| November 22, 2017
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Govt mulling exit visas for babies born to surrogates

Shreejana Shrestha/Republica Israeli couple Ariel and Liat Svartsman holding their baby born through surrogate mother at Grande City Clinic, Jamal, last week. Shreejana Shrestha/Republica Israeli couple Ariel and Liat Svartsman holding their baby born through surrogate mother at Grande City Clinic, Jamal, last week.
KATHMANDU, Oct 2: The Ministry of Health and Population (MoHP) has decided to table a proposal before the cabinet that would allow foreigners to return to their home countries along with their babies born through surrogate mothers in Nepal.

The Department of Immigration (DoI) had stopped issuing exit permit to the babies born through surrogate mothers following the uncertainty surrounding the Supreme Court's stay order on August 25 and the government's ban on September 18 against surrogacy services.
The MoHP, which is studying the legal grounds for developing the proposal to ease the exit of babies born to surrogates, said that the surrogacy issue was extremely sensitive and that it should be addressed by the cabinet.

There are more than 25 surrogate babies are stuck in Kathmandu as the decision of the government prohibiting surrogacy services in the country says nothing about the conception that occurred before the ban came into effect. Likewise, there are more than 150 pregnant surrogate mothers at shelter houses in Kathmandu, according to the hospitals.

"We are holding extensive discussions with all stakeholders and we will soon develop a proposal and forward it to the cabinet so that the babies already born and waiting to be born can make an easy exit from Nepal," said Shanta Bahadur Shrestha, secretary at the MoHP.

The MoHP held meetings with government officials from the Ministry of Home Affairs (MoHA), the Ministry of law and Justice, the Department of Consular and Department of Immigration (DoI) before agreeing to allow foreigners to take their babies home on the humanitarian ground and international practice.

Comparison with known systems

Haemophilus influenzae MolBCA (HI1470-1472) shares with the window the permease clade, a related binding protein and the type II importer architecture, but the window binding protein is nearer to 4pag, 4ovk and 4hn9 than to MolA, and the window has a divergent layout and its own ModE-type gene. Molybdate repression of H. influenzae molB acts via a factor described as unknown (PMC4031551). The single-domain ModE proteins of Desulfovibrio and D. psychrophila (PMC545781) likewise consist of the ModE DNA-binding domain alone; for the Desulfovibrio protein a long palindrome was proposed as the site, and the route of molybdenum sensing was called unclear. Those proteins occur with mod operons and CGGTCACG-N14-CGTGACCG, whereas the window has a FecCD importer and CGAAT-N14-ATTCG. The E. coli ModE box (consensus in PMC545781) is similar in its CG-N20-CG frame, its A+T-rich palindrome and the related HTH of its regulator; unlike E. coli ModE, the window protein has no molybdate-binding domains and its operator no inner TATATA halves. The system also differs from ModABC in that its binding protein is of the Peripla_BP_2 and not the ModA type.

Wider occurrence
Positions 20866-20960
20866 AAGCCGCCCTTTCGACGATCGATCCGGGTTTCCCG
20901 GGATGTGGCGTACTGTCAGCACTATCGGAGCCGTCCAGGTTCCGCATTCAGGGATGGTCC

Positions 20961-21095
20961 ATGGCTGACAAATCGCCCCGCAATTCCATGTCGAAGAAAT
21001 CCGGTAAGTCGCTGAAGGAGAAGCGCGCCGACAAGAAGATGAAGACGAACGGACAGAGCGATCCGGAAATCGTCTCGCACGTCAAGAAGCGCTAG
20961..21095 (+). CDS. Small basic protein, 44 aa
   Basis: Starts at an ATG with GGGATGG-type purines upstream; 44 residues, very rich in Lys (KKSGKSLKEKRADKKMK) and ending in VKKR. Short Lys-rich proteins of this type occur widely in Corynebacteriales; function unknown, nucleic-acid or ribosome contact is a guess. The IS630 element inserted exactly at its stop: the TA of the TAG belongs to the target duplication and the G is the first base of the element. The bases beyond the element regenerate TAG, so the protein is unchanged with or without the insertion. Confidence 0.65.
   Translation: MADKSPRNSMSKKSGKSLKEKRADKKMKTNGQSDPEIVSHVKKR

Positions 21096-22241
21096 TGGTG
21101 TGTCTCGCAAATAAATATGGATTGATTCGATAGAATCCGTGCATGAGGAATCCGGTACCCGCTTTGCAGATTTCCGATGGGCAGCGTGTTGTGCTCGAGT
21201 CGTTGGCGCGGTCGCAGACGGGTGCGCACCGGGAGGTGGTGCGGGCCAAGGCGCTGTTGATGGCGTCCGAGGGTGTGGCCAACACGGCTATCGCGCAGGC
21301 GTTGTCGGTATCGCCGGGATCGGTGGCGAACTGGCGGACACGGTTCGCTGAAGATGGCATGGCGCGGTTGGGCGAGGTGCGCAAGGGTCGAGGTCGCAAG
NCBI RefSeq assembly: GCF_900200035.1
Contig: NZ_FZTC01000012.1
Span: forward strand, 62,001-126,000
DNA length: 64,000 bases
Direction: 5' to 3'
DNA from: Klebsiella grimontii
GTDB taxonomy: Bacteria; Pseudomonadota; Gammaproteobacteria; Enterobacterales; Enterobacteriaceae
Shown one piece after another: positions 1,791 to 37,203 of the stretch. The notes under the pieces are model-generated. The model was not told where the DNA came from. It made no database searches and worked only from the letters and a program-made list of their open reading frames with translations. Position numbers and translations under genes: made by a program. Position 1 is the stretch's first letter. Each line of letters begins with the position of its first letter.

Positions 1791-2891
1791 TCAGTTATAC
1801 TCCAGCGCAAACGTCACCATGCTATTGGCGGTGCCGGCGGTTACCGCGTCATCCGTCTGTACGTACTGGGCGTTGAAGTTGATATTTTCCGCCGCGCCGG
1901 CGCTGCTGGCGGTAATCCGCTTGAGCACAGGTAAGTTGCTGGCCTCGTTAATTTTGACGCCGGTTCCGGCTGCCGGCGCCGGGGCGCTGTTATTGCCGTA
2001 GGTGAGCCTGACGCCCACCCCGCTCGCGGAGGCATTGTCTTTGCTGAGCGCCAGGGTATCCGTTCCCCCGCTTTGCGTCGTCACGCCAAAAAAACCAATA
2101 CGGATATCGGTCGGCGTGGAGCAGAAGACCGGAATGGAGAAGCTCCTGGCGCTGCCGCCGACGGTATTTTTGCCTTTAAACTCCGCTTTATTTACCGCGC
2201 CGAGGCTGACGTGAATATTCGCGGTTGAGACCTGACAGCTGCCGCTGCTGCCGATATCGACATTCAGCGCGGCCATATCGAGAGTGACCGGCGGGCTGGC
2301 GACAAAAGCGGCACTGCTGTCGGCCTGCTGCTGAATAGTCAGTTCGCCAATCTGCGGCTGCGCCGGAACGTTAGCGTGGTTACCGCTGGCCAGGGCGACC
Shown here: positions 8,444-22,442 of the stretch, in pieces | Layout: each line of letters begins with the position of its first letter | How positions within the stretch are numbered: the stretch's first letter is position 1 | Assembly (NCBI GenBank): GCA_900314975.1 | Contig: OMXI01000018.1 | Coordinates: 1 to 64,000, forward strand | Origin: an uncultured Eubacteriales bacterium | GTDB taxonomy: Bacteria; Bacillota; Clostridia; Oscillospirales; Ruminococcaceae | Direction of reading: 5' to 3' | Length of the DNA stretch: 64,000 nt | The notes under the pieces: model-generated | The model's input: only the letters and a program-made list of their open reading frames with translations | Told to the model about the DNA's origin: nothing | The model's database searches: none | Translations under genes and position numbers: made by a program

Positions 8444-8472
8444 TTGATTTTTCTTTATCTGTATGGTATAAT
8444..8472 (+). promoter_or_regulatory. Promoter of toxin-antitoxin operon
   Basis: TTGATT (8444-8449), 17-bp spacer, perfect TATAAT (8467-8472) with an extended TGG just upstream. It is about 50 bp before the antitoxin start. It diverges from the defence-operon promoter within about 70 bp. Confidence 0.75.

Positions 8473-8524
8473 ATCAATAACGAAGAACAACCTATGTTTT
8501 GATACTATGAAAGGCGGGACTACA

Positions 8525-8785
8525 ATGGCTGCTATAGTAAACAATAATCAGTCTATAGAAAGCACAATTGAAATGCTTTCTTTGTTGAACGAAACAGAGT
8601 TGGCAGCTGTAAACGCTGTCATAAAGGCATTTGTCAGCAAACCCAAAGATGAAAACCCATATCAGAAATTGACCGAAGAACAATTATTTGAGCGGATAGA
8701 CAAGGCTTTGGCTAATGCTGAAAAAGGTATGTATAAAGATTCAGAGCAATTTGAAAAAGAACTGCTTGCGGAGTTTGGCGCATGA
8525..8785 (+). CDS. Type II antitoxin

"We are waiting for the cabinet decision to issue exit permit to the babies already born and who will be born in due course," said Kedar Neupane, director general of the DoI.

The government banned surrogacy in Nepal amid legal controversies.

The government last year decided to allow hospitals to provide surrogacy services for foreigners in Nepal, but some private hospitals and surrogacy service centers started such services even before the formulation of related laws.

Hospitals like Grande International Hospital, Grande City Clinic (GCC), Om Hospital and Research Center and Venus Hospital, among others, have been providing surrogacy services on a basis of 'permission letter' given by a department of the MoHP.

Since 2014, 70 babies born through surrogacy have been taken away from Nepal by their foreign parents, mostly Israeli couples.

Nepal emerged as a hub for commercial surrogacy in Asia after surrogacy was banned in Thailand and the legal complications in India. In 2013, India prevented gay men and couples who had been married for less than two years from opting for surrogacy. The first surrogacy baby was born to an Israeli couple in Nepal in January 2014.